Bees bearding or clustered on the front of the hive is normal during the summer months. Bearding occurs when the hives have increased their colony size to take advantage of the nectar flows that are happening in the spring and summer. During these months it is peak season when the bees have the opportunity to collect nectar to make honey stores for the winter so they need more worker bees that can forage during these peak nectar flows. Since the bees do not want to overheat the hive and it's delicate balance of a consistent broodnest temperature, some of the bees will hang out on the outside of the hive.
You may notice some of the bees on the outside fanning to allow circulation of airflow into the hive. Bearding is normal as the colony's numbers have increased creating an overflow. The hotter weather can cause bearding as can rainy days. During a rainy day you may see more bearding on the front of the hive as some foraging field bees will stay out in the field all night, but when it rains they are back at the hive and you may see bearding on a rainy day.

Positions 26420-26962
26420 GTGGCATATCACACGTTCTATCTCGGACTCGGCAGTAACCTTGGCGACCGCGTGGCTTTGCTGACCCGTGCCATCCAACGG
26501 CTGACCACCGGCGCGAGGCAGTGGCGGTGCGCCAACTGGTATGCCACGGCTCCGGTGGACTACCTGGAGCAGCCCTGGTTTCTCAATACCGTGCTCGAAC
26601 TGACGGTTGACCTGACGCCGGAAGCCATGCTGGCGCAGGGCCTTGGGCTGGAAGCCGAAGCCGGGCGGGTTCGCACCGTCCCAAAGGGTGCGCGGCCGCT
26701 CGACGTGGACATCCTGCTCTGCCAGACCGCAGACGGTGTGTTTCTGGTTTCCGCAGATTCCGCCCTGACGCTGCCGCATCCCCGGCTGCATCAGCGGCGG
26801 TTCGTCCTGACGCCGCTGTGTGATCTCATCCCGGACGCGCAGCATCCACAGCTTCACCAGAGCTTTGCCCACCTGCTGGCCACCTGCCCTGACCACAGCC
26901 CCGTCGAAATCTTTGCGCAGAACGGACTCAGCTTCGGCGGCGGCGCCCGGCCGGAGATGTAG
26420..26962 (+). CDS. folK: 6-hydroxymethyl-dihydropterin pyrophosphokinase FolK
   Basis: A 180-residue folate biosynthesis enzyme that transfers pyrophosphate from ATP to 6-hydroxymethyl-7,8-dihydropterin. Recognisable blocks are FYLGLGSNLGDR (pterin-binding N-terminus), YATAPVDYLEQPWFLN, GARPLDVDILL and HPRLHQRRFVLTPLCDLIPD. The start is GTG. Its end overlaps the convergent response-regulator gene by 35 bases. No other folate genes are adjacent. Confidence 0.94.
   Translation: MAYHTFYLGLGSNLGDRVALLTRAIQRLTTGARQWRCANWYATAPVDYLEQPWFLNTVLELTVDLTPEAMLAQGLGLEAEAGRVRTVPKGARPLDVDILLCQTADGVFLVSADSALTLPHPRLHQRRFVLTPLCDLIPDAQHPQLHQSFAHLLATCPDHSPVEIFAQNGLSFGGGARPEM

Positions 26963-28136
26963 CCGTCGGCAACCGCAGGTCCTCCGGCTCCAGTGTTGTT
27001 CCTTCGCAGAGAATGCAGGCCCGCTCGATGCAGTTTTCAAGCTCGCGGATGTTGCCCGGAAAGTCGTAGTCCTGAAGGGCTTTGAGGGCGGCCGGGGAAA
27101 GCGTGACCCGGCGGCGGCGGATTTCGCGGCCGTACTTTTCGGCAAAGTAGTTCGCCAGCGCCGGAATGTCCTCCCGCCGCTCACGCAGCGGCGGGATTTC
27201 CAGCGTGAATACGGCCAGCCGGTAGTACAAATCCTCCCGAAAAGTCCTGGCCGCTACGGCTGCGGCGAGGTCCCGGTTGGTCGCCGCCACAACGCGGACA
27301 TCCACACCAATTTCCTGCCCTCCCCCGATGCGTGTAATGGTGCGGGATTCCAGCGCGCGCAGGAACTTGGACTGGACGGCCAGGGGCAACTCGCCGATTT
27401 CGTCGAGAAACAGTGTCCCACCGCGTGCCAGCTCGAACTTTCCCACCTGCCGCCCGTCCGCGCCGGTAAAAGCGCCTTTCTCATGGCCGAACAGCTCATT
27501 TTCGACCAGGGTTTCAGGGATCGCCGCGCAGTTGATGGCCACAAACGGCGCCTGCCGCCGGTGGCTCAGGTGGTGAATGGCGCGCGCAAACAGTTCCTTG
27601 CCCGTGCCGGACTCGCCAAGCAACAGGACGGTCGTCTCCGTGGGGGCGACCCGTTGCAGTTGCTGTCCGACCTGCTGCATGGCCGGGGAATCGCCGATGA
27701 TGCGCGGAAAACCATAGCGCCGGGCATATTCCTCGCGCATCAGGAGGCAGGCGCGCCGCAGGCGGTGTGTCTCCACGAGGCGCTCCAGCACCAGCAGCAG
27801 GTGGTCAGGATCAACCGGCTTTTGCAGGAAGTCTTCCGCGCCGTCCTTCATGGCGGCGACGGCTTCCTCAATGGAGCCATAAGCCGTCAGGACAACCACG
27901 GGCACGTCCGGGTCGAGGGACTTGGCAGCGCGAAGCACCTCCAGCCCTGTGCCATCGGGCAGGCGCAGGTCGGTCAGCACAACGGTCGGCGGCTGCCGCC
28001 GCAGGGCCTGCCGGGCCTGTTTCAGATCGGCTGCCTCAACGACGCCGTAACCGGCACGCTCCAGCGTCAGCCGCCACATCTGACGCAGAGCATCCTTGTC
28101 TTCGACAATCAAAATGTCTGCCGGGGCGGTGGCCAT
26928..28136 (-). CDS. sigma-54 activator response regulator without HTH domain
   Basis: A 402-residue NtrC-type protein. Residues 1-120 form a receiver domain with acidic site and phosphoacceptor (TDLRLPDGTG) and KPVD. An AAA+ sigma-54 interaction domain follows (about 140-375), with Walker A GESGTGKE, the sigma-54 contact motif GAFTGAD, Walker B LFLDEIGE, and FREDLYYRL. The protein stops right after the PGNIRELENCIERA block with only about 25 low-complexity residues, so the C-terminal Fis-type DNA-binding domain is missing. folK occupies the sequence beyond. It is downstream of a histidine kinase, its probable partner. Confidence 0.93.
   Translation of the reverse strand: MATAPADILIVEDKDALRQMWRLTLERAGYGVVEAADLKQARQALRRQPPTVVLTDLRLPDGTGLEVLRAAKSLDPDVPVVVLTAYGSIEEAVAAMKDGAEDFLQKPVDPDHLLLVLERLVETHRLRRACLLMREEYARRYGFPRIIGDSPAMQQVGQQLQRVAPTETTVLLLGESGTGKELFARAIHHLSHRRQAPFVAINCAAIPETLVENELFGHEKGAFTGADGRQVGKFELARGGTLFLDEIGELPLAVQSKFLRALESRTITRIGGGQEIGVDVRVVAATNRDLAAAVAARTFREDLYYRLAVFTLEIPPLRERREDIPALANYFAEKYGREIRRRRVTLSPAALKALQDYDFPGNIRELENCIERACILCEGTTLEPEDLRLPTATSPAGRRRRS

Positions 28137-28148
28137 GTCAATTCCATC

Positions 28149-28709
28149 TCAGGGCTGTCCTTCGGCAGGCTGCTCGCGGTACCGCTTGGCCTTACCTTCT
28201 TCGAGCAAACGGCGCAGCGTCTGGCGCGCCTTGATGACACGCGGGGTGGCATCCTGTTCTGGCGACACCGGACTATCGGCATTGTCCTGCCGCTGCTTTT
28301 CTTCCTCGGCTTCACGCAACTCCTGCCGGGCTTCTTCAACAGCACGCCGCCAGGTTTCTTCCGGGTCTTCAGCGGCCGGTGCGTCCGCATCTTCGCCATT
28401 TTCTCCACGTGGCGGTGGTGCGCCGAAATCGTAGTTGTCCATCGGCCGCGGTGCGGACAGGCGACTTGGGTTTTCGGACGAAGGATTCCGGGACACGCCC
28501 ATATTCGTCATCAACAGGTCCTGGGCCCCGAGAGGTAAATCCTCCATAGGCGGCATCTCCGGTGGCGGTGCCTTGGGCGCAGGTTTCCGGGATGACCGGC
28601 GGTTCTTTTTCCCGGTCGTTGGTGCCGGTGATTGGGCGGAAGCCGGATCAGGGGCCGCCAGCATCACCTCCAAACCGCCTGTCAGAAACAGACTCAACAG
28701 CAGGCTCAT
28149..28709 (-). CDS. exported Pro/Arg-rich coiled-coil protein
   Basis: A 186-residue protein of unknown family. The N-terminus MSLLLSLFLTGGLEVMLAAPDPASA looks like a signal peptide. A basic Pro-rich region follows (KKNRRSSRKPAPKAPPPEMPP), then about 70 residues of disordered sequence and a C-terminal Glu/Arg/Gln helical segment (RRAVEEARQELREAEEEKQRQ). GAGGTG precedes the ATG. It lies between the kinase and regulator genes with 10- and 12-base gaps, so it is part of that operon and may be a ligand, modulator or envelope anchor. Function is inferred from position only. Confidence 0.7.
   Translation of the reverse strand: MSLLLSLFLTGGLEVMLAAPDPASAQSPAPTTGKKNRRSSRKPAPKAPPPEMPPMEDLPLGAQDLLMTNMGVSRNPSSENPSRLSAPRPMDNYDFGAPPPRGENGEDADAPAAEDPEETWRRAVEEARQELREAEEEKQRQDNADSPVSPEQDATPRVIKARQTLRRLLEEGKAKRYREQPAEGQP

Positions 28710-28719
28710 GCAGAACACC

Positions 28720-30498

During the late spring and summer months when the temperatures increase, be sure to check that there is adequate airflow around your hives and your hives are well shaded for a good portion of the day. If your hive is not getting shade in the heat of the day, around 2-4pm, you may want to put up a shade cloth or an attachable umbrella on the hive to shade the colony from the heat. You can also lean a large piece of plywood on the side of the hive that is getting the most sun to help protect the hive from the heat.
This hive may be receiving radiant heat from being too close to the house.
A ventilated roof is critical if you live in a climate where temperatures reach the 80s and 90s.
Wild bees inhabiting a tree don't have ridge vents, but they are also well insulated from the heat of the sun by the thick, dense wood of the tree. Our Ventilated Roof insures that the heat generated by the sun